With the existence and application of direct and indirect effect, the ECJ developed a third strain to remedy individuals who have suffered due to a breach in Community law. Member states may be liable for damages if they are found to be in breach of a Community law. Until the seminal case of Francovich v Italian State there wasn’t a general conception of state liability as far as damages, for breaches of EC law in the absence of direct or indirect effect. Most breaches of EC law were due to the member states inadequate implementation of directives. Many of these directives were designed to bestow rights on individuals. When a Member state fails to implement the directive or does so incorrectly, the individual is deprived of his/her essential Community rights. The principle of state liability was needed for a few reasons. The principle of direct effects was effective to provide remedy in the individual case- where the individual is aware of his/her community rights and willing to enforce them. This principle is not available against private enterprises nor is the principle of indirect effects. The primary problem in the EC at the time was the non-implementation of directives by member states, and neither direct nor indirect effects remedied this problem.
It was in Francovich the courts took a new approach and held that under circumstances a state may be
“liable to make good damage to individuals caused by a breach of Community Law for which it is responsible.” (cite Franc). The breach by the Italian State in this case was the non-implementation of directive 80/987. The Italian States lack of implementation left the claimants in a position of disadvantage as there were owed arrears of wages and sought compensation. Their claim was based on two points; first being the applicability of direct effect, where the courts held the directive was not directly effective. The second claim was the actual breach by the state for failing to implement the directive, where the courts found the state liable. They held that the failure of the member state to take all necessary means to achieve the desired outcomes required by the directive, gave rise to the damages (cite) The ECJ judges created three conditions which must be satisfied for State liability to exist. Firstly, the result required by the directive includes the conferring of rights for the benefit of individuals. Secondly, the content of these rights may be determined by reference to the provisions of the directive, and finally there must be a causal link between the breach of the obligation of the state and that damage suffered by the person affected.(cite).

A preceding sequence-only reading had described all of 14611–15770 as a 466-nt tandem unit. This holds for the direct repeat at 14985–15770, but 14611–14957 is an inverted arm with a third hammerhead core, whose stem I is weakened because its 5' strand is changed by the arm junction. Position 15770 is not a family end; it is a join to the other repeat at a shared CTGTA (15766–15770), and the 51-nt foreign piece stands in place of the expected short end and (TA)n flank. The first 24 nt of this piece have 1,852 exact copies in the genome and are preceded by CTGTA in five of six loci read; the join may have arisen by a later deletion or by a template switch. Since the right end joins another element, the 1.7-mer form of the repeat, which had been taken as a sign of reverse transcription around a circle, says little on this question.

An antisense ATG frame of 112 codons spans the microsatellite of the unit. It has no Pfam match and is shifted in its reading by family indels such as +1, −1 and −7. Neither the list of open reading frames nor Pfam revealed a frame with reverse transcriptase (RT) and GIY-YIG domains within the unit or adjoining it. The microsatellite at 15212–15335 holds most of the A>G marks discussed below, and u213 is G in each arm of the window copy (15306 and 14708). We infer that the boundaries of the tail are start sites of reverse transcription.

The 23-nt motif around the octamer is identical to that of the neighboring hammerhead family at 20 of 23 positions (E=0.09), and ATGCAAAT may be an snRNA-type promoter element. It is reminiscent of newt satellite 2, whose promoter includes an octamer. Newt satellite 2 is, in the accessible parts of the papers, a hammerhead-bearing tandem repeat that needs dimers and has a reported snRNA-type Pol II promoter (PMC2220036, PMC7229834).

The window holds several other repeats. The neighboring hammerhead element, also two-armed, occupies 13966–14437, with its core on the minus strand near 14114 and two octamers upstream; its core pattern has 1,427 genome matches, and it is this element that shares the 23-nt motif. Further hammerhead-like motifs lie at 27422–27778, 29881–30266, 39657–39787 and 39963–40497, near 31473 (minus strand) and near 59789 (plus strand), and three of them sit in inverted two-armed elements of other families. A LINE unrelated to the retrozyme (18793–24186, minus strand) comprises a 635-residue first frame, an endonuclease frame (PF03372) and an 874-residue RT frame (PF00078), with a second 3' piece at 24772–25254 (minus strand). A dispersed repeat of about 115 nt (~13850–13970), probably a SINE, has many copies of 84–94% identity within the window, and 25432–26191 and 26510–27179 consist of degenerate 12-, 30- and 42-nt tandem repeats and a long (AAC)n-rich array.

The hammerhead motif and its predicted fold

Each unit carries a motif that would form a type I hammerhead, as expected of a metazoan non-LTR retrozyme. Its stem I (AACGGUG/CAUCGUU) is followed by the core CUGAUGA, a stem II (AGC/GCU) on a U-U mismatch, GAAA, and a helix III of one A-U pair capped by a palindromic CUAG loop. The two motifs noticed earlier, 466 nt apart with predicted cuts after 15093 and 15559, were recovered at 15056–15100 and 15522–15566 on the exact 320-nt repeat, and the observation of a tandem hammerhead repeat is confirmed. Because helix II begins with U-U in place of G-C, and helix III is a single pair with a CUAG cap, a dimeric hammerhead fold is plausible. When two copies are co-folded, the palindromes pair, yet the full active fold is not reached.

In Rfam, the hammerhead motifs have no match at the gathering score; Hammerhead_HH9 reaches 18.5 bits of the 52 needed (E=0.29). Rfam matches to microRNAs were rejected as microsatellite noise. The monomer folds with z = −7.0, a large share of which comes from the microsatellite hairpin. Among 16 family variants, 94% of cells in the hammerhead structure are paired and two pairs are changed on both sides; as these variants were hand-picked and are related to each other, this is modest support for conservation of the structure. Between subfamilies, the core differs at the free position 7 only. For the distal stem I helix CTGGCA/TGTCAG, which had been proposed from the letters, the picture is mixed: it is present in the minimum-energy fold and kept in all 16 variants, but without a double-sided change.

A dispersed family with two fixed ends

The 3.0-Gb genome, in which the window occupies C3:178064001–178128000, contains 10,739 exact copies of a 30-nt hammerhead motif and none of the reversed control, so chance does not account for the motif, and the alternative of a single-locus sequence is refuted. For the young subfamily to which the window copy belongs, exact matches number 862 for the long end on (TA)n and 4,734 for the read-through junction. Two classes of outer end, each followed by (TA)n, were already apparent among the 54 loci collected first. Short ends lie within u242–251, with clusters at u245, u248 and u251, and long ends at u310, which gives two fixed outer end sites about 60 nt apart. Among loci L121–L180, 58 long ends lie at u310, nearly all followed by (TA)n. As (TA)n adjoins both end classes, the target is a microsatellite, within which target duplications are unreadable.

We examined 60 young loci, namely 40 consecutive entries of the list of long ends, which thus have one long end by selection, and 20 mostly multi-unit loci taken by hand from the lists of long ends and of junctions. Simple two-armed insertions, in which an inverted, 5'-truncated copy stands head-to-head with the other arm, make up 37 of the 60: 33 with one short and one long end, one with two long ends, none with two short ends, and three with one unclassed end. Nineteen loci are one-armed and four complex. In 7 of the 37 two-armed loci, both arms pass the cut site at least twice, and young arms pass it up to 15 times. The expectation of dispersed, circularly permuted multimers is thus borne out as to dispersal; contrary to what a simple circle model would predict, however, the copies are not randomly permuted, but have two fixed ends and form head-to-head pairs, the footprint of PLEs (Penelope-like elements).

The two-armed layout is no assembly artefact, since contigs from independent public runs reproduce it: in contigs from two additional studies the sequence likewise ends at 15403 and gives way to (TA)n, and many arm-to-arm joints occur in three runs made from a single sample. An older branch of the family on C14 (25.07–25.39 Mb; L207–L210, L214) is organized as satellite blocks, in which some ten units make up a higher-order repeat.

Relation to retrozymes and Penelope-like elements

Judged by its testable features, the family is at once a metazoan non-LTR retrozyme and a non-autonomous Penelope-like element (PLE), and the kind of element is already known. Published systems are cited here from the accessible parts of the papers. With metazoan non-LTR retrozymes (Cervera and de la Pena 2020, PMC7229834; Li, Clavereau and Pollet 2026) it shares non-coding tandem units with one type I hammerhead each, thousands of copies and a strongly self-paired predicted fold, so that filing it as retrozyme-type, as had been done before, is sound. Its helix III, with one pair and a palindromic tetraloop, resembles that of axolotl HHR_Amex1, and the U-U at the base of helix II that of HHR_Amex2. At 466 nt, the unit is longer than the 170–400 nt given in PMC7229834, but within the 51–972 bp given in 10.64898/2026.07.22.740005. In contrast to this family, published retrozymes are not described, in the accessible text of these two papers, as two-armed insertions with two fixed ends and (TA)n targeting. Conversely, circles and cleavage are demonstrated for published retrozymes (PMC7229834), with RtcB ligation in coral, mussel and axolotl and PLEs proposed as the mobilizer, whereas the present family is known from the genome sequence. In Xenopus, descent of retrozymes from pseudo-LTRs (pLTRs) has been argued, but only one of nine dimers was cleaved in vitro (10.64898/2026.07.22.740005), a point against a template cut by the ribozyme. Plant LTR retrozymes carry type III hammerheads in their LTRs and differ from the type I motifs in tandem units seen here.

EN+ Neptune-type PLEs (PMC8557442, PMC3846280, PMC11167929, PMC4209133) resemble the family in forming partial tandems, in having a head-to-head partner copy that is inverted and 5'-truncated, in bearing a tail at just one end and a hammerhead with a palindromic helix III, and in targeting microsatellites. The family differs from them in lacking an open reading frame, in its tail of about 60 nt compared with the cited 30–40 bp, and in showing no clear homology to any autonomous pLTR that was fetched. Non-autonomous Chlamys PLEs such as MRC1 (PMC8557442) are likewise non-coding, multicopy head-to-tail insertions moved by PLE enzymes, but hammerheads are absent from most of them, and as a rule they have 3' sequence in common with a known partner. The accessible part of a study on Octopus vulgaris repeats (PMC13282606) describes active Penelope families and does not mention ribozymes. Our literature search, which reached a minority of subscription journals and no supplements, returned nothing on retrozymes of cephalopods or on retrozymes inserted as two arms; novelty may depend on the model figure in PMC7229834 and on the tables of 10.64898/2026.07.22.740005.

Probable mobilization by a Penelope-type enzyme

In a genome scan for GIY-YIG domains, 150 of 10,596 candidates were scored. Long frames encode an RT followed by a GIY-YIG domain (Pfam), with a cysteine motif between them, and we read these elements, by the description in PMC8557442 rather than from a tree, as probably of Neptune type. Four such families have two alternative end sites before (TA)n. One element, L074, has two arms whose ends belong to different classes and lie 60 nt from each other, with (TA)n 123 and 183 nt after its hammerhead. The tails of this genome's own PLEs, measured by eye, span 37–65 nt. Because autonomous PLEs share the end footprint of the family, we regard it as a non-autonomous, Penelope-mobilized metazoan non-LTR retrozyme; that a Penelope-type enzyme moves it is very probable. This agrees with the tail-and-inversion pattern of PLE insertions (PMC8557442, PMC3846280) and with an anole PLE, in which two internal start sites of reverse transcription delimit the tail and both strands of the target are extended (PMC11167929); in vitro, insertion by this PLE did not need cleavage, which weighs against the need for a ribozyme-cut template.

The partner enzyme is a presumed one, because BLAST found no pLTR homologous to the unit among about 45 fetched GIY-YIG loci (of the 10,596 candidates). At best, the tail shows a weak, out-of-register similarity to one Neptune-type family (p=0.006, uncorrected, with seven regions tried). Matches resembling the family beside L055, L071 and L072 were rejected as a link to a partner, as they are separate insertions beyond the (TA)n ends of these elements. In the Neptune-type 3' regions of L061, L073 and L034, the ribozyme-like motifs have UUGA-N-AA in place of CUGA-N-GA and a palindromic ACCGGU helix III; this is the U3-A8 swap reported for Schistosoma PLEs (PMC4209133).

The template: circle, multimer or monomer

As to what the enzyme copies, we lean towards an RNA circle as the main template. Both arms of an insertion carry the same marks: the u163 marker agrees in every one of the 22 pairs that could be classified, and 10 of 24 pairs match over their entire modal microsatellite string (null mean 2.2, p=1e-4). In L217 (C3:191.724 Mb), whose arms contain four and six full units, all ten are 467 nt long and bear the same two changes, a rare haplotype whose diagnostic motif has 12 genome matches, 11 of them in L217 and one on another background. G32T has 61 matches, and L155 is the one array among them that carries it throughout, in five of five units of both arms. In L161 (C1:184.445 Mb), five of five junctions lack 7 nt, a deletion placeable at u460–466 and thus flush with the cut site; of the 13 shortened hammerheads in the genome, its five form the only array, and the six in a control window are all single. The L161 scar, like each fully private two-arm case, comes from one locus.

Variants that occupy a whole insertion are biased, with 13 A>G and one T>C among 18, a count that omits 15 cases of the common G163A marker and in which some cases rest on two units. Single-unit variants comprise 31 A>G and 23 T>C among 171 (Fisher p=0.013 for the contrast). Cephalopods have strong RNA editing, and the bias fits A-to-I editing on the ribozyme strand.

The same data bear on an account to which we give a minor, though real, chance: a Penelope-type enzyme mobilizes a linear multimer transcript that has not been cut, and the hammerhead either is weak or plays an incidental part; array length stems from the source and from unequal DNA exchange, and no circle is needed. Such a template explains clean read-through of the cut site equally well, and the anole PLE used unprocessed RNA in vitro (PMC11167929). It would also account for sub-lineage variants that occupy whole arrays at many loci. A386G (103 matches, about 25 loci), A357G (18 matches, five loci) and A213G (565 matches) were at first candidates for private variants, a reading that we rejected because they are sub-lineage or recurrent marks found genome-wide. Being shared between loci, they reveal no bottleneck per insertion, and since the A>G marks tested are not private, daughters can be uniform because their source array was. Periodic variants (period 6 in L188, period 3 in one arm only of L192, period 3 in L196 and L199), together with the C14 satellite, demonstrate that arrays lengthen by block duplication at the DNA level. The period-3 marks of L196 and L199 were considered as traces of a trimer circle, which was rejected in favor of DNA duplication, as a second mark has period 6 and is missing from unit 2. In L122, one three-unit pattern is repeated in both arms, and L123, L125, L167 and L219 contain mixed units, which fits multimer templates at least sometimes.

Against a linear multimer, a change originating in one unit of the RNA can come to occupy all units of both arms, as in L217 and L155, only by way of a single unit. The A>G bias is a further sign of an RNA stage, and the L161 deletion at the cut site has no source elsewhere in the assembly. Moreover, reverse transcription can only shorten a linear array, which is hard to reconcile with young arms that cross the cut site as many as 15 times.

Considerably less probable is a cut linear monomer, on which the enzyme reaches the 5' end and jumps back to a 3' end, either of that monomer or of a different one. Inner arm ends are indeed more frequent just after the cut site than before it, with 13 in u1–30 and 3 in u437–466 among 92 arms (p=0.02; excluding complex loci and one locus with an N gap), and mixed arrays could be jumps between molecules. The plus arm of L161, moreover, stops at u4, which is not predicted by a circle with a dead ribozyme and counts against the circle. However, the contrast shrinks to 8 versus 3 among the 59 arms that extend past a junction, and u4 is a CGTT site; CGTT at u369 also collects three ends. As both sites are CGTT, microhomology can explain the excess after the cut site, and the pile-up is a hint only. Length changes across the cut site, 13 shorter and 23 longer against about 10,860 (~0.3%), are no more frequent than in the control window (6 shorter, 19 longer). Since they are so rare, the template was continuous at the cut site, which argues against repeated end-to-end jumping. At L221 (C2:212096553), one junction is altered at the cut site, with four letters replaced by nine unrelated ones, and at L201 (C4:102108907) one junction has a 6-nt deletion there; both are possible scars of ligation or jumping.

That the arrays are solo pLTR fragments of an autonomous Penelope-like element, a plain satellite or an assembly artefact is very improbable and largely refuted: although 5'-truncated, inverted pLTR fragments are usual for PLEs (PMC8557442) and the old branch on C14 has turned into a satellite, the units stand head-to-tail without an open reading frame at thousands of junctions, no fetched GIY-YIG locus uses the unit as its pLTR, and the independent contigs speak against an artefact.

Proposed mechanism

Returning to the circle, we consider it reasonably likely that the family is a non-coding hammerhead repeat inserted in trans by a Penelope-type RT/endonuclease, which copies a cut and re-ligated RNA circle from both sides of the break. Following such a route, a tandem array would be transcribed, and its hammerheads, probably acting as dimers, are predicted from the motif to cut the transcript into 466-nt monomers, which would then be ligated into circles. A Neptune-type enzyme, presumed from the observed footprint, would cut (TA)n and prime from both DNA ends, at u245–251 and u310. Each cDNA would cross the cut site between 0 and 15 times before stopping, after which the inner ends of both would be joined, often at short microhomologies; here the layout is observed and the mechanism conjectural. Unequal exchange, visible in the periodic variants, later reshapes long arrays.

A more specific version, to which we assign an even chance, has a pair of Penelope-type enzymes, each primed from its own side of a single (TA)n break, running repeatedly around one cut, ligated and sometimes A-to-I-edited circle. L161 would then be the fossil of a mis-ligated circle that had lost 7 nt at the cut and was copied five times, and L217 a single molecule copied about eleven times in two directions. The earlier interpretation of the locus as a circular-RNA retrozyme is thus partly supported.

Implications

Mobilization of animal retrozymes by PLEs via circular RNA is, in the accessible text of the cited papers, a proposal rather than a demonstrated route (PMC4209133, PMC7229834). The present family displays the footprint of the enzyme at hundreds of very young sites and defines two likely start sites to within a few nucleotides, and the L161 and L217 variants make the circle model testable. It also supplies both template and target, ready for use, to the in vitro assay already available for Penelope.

Thus in Francovich the court created the new remedial principle to supplement the inadequacies of direct and indirect effect, while providing states with a meaningful incentive to fulfil their obligations under EC law. Although Francovich created a way for private parties to enforce their rights under EC legislation, it must be noted that only when direct and indirect fail to provide the necessary remedies will the courts differ to whether the Member state has liability. In most circumstances the courts would try and protect the Member state by applying direct/indirect effect rather than putting the entire onus of liability on the State.
The concept of state liability was developed further in the case of Brasserie du Pecheur, which expanded state liability to include all manners of breaches which violated community law. It expanded the circumstances which might give rise to liability in cases where no enforceable rights could be confirmed due to lack of horizontal direct effect (cite). The ECJ also held that national courts are required to grant relief to an individual who has suffered due to a breach, but consequently private individuals are unable to bring direct action against a Member state and must go through the formal process outlined by the courts (cite). The current focus has shifted towards the seriousness of the breach, as was seen in Factortame which introduced the revised criteria that the breach must be analogous to that applied to liability of the EC institutions under article 288 (2) (cite factor). This is known as the Schöppenstedt formula and in order for liability to arise on the part of the member state, there must have been a sufficiently serious breach of a superior rule of law designed for the protection of individuals.
The ways in which private parties are able to enforce their EC law rights is dependent on the applicability of direct/indirect effect within the dispute. State liability provides an alternative route a top indirect effect which enables the enforcement of Community law within public and private disputes. However, State liability along with indirect horizontal effect can be viewed as an incomplete system of remedies to a breach of rights, as there still exist situations where it is difficult for citizens to evoke these rights. As the EC continues to progress towards protecting private parties rights its aim with state liability is a daunting balancing act between the protection of citizens’ rights and the interests of governments. The evolution of EC law will depend on this patchwork approach to protect rights while not infringing on state sovereignty, as future solidarity of the EU will depend on these issues.